Many students come to the end of their degrees wondering when they are going to be able to afford a deposit on a property in light of the student debt they will have accumulated. But some students leave university already a home owner/ landlord. Sounds improbable? Two lenders (The Loughborough Building Society and Bath Building Society) are offering a 'buy for uni' mortgage - the catch being that close relatives provide security.
Under the terms of the deal, students who are over 18 and are in higher education in England and Wales can get a loan for up to £300,000. The property must be within 10 miles of where they study and must be guaranteed by parents, step-parents or grandparents.
Lenders argue that this product enables young people to get a foothold on the property ladder, allowing the student to become a landlord by renting out rooms to fellow students. The rental income needs ideally to cover more than the repayments, to account for rises in interest rates or periods of low occupancy. Alternatively the guarantor is obliged to cover any periods of suboptimal renting.
Although this is a new product from the Loughborough Building Society, the deal has been available in Bath since 2008, on the basis of a loan to value ratio of 75% or less. The students' relatives are required to provide at least a 25% charge on the property. But does it work in practice? According to Bath Building Society's chief executive, the rental income derived from fellow students usually pays the majority of the mortgage repayments; however, the model works better in some towns than in others.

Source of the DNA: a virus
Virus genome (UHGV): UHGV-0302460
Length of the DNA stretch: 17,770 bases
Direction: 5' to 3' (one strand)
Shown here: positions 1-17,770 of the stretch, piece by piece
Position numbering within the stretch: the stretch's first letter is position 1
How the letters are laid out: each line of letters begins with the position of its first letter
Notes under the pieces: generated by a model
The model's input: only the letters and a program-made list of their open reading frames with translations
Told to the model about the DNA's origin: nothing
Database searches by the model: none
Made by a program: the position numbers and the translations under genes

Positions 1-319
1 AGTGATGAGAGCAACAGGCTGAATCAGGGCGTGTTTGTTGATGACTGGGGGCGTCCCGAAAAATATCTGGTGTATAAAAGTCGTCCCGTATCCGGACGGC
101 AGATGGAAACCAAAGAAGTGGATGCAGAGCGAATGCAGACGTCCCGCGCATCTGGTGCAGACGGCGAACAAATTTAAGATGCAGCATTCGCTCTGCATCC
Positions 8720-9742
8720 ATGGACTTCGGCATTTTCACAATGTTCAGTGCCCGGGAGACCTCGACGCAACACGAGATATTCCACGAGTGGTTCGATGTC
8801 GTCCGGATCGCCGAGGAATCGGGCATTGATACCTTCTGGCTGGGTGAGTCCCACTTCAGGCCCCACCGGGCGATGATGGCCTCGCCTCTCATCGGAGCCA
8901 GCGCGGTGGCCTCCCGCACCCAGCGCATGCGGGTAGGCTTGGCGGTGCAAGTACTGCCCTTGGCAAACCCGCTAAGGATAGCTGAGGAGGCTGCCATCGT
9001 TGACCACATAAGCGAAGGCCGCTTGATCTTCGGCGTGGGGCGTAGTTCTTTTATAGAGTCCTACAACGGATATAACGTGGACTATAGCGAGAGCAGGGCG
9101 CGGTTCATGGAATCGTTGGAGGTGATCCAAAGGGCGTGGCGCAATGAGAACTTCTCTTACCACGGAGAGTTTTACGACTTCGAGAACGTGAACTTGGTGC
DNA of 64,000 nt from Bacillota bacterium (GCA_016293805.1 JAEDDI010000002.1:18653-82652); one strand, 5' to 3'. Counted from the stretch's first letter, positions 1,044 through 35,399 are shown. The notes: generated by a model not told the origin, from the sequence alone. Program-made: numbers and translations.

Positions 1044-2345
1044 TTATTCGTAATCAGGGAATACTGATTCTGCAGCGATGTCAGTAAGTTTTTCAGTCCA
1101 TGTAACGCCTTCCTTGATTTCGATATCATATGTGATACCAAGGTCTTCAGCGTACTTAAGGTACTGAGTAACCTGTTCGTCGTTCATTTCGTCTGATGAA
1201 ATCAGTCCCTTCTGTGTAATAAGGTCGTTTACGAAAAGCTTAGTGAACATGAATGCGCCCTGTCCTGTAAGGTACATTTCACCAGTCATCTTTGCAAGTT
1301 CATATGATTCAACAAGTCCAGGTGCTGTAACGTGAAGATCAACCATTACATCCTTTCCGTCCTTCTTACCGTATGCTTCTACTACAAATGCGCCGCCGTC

Some student representatives are advising a cautious approach for students considering this option. Signing up for a mortgage at the age of 18 may place a lot of responsibility on young shoulders, and hidden costs such as surveyors and legal costs may potentially catch people unawares.
These deals are not for everyone, and lenders argue that they carefully assess the circumstances of the student and the guarantors before entering into a contract. Interest rates are typically higher than equivalent conventional mortgages and it is important for potential borrowers to be aware of the risks. And parents too need to be aware of risks to their own property. For instance, if there is a rental shortfall the bank of mum and dad is going to have to pay the difference, and if the property were to end up being repossessed, the lender could claim any shortfall from the parents' equity. In addition, borrowing against their own home in future could be affected. On the plus side, however, the property is in the child's name, and so there would be no additional property stamp duty surcharge, presuming parents own their own home.